The study’s authors therefore recommended that employers use a comprehensive strategy to understand how retirement readiness—defined as the ability to retire with sufficient income to maintain the individual’s current standard of living throughout retirement—affects their business. Specifically, they suggested that employers identify which employees appear to be on track for a timely retirement and which do not, and take steps to help employees financially prepare for retirement.

According to the study, the most direct metric for retirement readiness is the replacement ratio, which defines the required income for retirement as a percent of income just before retirement. Setting a ratio of 80% as the benchmark, the authors observed that part of the replacement income will come from Social Security and other retirement vehicles, while the remainder will come from savings and other assets. However, they cited research showing that the contributions of these sources will vary by generation: for example, whereas the average retiree currently aged 69-89 receives an estimated 22% of his or her income from an employer-sponsored pension, a worker currently aged 25-49 can expect to receive only 12% of his or her retirement income from an employer-sponsored pension.

The study’s authors further emphasized that when employees start accumulating retirement wealth and when they begin drawing from this accumulation are key to determining an appropriate savings rate. They warned that since most replacement ratios use a retirement age of 65, employees who plan to retire before that age will need to accumulate more savings to attain the same replacement ratio for the additional years in retirement. While acknowledging that there is no single “right” answer for a wealth-accumulation target, researchers estimated that a target of 10 times the individual’s pay is reasonable for a worker retiring at age 65.

Finally, researchers advised employers to provide employees with a qualitative assessment of their progress so they can see if they are falling short of their desired replacement ratio and wealth-accumulation target. For example, employers can use retirement-readiness letter grades that score an employee’s current standing based on his or her age plus the expectation that he or she will reach an appropriate level of retirement readiness.

“Once this information is clear, the next step is to develop and implement strategies to help employees retire when they want to,” the study’s authors concluded, adding that these strategies may include using plan design analysis/changes, educational materials, or communications campaigns to affect behavioral changes.

From Benefit Trends Newsletter, Volume 61, Issue 3

The information contained in this newsletter is for general use, and while we believe all information to be reliable and accurate, it is important to remember individual situations may be entirely different. The information provided is not written or intended as tax or legal advice and may not be relied on for purposes of avoiding any Federal tax penalties. Individuals are encouraged to seek advice from their own tax or legal counsel. This newsletter is written and published by Liberty Publishing, Inc., Beverly, MA. Copyright © 2018 Liberty Publishing, Inc. All rights reserved.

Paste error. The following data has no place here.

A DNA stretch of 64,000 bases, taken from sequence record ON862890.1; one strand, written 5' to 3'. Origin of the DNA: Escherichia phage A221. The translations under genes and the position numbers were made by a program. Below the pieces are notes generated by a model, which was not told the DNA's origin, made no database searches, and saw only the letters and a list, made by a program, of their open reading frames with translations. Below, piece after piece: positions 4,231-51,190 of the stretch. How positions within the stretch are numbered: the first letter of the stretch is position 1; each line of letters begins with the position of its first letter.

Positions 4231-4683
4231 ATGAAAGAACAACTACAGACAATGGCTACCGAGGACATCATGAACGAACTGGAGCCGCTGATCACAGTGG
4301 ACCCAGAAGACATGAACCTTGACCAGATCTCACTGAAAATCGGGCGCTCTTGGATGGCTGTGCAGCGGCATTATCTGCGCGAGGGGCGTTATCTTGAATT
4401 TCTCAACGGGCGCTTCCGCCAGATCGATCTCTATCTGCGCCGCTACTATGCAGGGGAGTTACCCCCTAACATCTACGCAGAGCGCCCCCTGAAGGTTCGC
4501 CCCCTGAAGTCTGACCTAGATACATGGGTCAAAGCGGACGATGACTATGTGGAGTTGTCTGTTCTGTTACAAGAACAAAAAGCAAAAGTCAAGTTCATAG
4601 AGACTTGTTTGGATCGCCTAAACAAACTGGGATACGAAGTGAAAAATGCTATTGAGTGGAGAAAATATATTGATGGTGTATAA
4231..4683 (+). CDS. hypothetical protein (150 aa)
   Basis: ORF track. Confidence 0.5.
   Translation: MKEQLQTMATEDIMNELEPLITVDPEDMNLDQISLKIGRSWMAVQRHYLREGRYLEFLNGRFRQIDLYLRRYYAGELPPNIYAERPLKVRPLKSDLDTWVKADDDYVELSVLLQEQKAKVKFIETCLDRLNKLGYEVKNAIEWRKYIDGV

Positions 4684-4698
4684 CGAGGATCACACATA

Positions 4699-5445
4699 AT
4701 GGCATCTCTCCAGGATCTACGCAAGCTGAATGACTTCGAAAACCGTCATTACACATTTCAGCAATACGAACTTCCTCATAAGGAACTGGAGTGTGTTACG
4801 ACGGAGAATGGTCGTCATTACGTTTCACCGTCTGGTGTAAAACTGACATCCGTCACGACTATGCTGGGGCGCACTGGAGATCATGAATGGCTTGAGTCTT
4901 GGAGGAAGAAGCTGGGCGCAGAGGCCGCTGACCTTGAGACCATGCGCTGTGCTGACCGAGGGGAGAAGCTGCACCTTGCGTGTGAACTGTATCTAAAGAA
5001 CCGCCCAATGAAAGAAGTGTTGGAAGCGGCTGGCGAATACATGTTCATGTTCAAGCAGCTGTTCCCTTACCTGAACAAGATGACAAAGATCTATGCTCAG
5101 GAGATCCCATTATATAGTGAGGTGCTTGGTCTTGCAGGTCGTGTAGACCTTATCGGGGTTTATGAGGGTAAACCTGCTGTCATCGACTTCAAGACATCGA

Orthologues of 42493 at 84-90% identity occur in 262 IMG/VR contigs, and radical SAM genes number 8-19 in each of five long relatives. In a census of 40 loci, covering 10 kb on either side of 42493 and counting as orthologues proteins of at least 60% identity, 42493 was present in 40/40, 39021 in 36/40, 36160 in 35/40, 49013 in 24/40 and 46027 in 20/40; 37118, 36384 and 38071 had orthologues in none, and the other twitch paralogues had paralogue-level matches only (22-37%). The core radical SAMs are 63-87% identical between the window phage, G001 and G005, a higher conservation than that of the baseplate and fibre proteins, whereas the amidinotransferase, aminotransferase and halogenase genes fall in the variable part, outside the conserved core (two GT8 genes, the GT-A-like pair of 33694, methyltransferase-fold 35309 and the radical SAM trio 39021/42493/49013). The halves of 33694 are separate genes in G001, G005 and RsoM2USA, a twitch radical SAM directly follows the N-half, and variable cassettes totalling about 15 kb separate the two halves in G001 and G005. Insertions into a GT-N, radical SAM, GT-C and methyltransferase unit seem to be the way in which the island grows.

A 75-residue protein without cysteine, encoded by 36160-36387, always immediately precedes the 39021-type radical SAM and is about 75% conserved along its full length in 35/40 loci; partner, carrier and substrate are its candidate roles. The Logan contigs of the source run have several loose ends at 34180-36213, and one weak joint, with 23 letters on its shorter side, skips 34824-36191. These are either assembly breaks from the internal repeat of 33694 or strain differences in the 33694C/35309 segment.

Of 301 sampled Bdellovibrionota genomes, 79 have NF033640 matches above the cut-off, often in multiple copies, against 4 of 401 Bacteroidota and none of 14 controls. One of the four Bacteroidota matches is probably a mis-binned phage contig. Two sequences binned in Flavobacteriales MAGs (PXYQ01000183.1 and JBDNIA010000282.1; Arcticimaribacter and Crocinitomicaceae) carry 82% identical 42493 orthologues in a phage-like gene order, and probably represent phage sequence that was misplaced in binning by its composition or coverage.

Retirement Readiness Shows Signs of Waning

Retirement Readiness Shows Signs of Waning

While the retirement systems in the United States, the United Kingdom, and Australia differ in important ways, all are falling short to varying degrees in ensuring that workers in those countries are adequately preparing for retirement, according to an article published by human resources consultancy Findley Davies in its November/December 2017 newsletter.

The article, “Retirement Readiness—How Do We Compare?” was written by Ken Hohman, an actuary and management consultant. Hohman presented a comparison of the retirement systems in these three countries based on his involvement on behalf of the American Academy of Actuaries with a project in collaboration with the Actuaries Institute in Australia and the Institute and Faculty of Actuaries in the UK.

Hohman observed that Australia, the UK, and the U.S. have similar but significantly different retirement systems. Specifically, he explained, each country has a national social security system that is weighted in favor of lower-income individuals, but the degree of weighting varies greatly among the systems. He also pointed out that each country has employer-based retirement plans, but that these range from mandatory plans with significant mandatory contributions (Australia), to mandatory auto-enrollment plans with the ability for an individual to opt out (UK), to voluntary plans with voluntary auto-enrollment (U.S.). Moreover, he noted, each country offers voluntary tax-favored options for personal savings.